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In Pictures: Canada will go for gold after win over U.S.

BUFFALO, N.Y. - The showdown with the United States turned into a one-sided win for Canada, but an old and dangerous rival awaits in the final of the world junior hockey championship: Russia.

BUFFALO, N.Y. - The showdown with the United States turned into a one-sided win for Canada, but an old and dangerous rival awaits in the final of the world junior hockey championship: Russia.

Curtis Hamilton and Quinton Howden scored in the first period and Canada rode the energy of a boisterous, mostly red and white crowd to a 4-1 victory over the pre-tournament favourites before a full house of 18,690 at HSBC Arena on Monday night.

The victory avenged Canada's shock 6-5 overtime loss to the Americans on home ice in Saskatoon last year.

"To get another crack at the gold medal is huge for the four returning guys as well as the team," said centre Brayden Schenn, one of the quartet of holdovers from last year's final. "It was a heartbreaking loss and for us to get another chance, that's what we want.

"But it's not going to be easy."

Russia reached the final with a comeback 4-3 shootout win over Sweden in the other semifinal and will bring a quick, opportunistic squad that also pulled out a dramatic win in the quarter-finals against Finland, where they erased a 3-1 third-period deficit.

"You don't have to give them a lot for them to bury it, so staying out of the penalty box will be key," said Schenn. "You've got to limit their scoring chances and opportunities."

Canada reached the final for the tenth consecutive year, a mark that includes victories over the Russians in 2005, 2006 and 2007. Canada is 7-5 all-time in finals against teams from Russia or the Soviet Union.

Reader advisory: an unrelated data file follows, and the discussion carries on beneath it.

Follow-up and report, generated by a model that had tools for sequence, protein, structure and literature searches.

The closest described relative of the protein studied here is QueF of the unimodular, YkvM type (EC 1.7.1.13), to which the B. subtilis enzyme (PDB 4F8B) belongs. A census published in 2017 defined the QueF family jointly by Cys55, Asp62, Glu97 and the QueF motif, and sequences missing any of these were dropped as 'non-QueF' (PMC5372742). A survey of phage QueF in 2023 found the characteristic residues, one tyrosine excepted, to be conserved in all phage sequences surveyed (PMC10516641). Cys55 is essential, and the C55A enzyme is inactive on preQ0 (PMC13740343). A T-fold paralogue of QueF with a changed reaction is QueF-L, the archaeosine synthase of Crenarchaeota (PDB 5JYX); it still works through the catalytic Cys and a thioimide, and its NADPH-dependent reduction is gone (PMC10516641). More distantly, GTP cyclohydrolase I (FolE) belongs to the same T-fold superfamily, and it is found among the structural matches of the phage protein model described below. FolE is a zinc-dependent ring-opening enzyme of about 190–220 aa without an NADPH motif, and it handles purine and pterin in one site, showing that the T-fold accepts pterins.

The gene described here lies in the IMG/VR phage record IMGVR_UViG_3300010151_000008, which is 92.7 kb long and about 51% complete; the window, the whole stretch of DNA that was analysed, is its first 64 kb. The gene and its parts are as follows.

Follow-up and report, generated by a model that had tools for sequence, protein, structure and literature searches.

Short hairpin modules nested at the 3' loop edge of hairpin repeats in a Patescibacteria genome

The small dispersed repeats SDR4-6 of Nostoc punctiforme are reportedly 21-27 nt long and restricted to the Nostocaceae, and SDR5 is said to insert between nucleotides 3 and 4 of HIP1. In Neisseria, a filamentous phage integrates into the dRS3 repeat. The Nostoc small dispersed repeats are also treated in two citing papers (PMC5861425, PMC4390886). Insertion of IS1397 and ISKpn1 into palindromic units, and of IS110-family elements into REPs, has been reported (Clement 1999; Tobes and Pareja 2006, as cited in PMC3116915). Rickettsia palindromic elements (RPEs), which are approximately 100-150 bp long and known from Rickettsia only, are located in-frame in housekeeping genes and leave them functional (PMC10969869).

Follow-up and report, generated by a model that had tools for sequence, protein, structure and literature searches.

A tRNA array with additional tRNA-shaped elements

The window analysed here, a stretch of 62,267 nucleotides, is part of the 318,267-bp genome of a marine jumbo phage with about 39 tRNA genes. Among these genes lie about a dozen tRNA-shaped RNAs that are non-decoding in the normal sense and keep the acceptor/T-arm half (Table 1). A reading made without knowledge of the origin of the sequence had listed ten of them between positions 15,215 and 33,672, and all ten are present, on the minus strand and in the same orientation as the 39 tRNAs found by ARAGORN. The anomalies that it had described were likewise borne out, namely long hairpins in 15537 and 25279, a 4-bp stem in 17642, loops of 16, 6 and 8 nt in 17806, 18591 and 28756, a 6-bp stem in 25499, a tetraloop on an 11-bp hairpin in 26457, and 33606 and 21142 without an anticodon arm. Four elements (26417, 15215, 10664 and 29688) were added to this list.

Ryan Johansen and Zack Kassian also scored for Canada, which outshot the nervous-looking Americans 41-23 in dominating all three zones and the faceoff circles, while also carrying the physical play.

"We didn't want to sit back. We wanted to come out with a lot of speed. We came out hard in the first period and didn't give them much," said Schenn, the tournament scoring leader who was held off the scoresheet for the first time in six games. "We got great support. People were coming over the border. It was great.

"Hopefully it will be the same in the final."

Canada lost its final preliminary round game in a shootout to Sweden and had to beat Switzerland 4-1 in the quarter-finals to set up the meeting with the U.S., who like Sweden had a bye to the semifinals.

There were concerns about Canada's defence, which played its best game to date, and the goaltending, but Mark Visentin was sharp enough on the few good chances the Americans could muster. Closing his arm on Charlie Coyle's tip from the edge of the crease on a U.S. power play late in the second frame was perhaps Visentin's best moment.

Chris Brown got the Americans' only goal on a power play in the third period, which briefly gave the U.S some life but the hosts would get no closer.